Ads are gone. We're using Patreon to raise funds so we can grow. Please pledge support today!
Google+   Facebook button  Twitter button 
3DS | DS | PS3 | PS4 | PSP | VITA | WII | WIIU | X360 | XB1 | All
Ninja Gaiden (NES) artwork

Ninja Gaiden (NES) review


"There are moments that define your video gaming career. The first time you play a game in an arcade. The first console that you ever own. The first time you complete a game. And, for many veterans of the NES days, the first time you beat Shadow Warriors: Ninja Gaiden (or just plain Ninja Gaiden as it's known outside of Europe). Those who weren't there can't possibly understand what it was like.... playing through those last few levels.... it was harsh. Sometimes, at night, I still wake up scream..."



There are moments that define your video gaming career. The first time you play a game in an arcade. The first console that you ever own. The first time you complete a game. And, for many veterans of the NES days, the first time you beat Shadow Warriors: Ninja Gaiden (or just plain Ninja Gaiden as it's known outside of Europe). Those who weren't there can't possibly understand what it was like.... playing through those last few levels.... it was harsh. Sometimes, at night, I still wake up screaming..... screaming........ screaming................

It's hard to believe that this game celebrates it's fifteenth anniversary this year. It seems like just yesterday that I first picked up the game (admittedly I didn't get the game when it first came out - I got it second hand in 1994, but it's still a fair few years ago, and I'm trying to set the scene here). I had seen the game in a local shop, and become transfixed by the image of the menacing looking Ninja who almost seemed to be jumping out of the front cover. Although my understanding of the world was limited back then, since I had only just turned eleven, after all, I still knew a basic truth: Ninjas are rad. Over the next few weeks I saved up my pocket money, and eventually had enough to send my mother to pick up the game. It was Friday - I had the weekend ahead of me, and the promise of a new game to spend it on. I duly invited one of my friends to stay over, and we spent the majority of the weekend playing the game. Despite the fact that by the Saturday we were well and truly hooked, and stayed up playing until we were literally on the brink of falling asleep at the wheel, so to speak, we never really got very far. It was with this game that I discovered what true difficulty is. And it was with this game that I discovered I that I liked it.....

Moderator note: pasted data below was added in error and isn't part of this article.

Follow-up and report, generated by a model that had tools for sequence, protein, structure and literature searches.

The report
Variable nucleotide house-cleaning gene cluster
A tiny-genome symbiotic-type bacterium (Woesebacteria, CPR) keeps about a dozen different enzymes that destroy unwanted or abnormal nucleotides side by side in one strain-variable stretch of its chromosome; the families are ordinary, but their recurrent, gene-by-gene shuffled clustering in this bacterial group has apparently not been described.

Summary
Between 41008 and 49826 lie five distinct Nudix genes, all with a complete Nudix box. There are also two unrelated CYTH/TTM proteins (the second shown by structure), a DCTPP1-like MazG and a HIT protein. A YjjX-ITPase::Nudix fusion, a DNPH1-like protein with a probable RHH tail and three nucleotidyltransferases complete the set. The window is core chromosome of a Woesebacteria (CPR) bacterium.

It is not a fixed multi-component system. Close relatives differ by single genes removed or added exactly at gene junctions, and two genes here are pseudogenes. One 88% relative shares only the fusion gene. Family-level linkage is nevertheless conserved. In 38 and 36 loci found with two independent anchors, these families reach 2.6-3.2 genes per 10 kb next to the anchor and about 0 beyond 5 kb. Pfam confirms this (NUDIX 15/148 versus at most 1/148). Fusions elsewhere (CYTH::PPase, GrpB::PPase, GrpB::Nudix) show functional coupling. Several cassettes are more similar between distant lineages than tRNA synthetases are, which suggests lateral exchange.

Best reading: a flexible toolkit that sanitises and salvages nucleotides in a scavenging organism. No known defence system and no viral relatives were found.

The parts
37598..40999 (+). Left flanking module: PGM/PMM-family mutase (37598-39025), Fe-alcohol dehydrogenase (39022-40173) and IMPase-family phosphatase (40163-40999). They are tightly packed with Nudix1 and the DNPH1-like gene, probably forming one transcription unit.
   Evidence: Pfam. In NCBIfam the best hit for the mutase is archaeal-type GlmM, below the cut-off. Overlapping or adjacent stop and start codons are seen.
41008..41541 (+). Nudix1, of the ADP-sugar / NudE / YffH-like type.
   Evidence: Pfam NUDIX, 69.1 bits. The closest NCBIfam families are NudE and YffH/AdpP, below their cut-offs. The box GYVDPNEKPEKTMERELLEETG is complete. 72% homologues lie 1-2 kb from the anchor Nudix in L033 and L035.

The game tells the tale of young Ryu Hayabusa. When Ryu hears that his Ninja father, Ken, has been killed in a duel in America, he heads to the States for some answers: why did his father fight, and more importantly, who killed him. What begins as a simple quest for vengeance soon becomes much more intriguing, however, and before too long, Ryu finds himself a central figure in an ancient battle between good and evil. A dormant power is awakening, and if it is to be stopped, Ryu must take up the sword of his family, and prepare to do battle.....

The plot for Shadow Warriors is astonishingly strong, especially considering the sort of storytelling generally seen in other action / platformers of the era. What stands out is not only the very strong set up that this game presents via an impressively-animated intro sequence, but the fact that the plot is maintained throughout the game. Numerous cut-scenes are employed as the game guides you through a twisting, complex plot that manages not only to draw you in and get you hooked, but also to throw up some genuine surprises: I spent the last few cut-scenes of the game (when I finally reached them that is) with a sense of utter shock - there are some moments in the plot that are so unexpected that they literally turn the whole tale on it's head and make you question just what you do know about proceedings, and it is all the better for it.

But a strong plot, no matter how well conveyed, is nothing without the gameplay to do it justice. Thankfully, Shadow Warriors delivers in this regard, too. The game provides a winning combination of platform action and all out sword-slashing combat. Playing as Ryu, you must run and jump around the various stages (climbing ladders where you feel it appropriate), and take out the various enemies who attack you - ranging from no good street punks to butch commando types.... even the innocent bird-life is made to suffer at the edge of Ryu's blade. The game takes you through a wide variety of locales on your quest to kick some arse - from back-alleys and bars to southern swamplands; from snow-covered mountain tops to temple ruins, there is a great sense of globetrotting on display here. Despite the great plot and varied locations, however, it would be rather easy for this game to become merely another action platformer. But this game truly stands out against pretty much every other game of this ilk, due largely to it's insane difficulty level.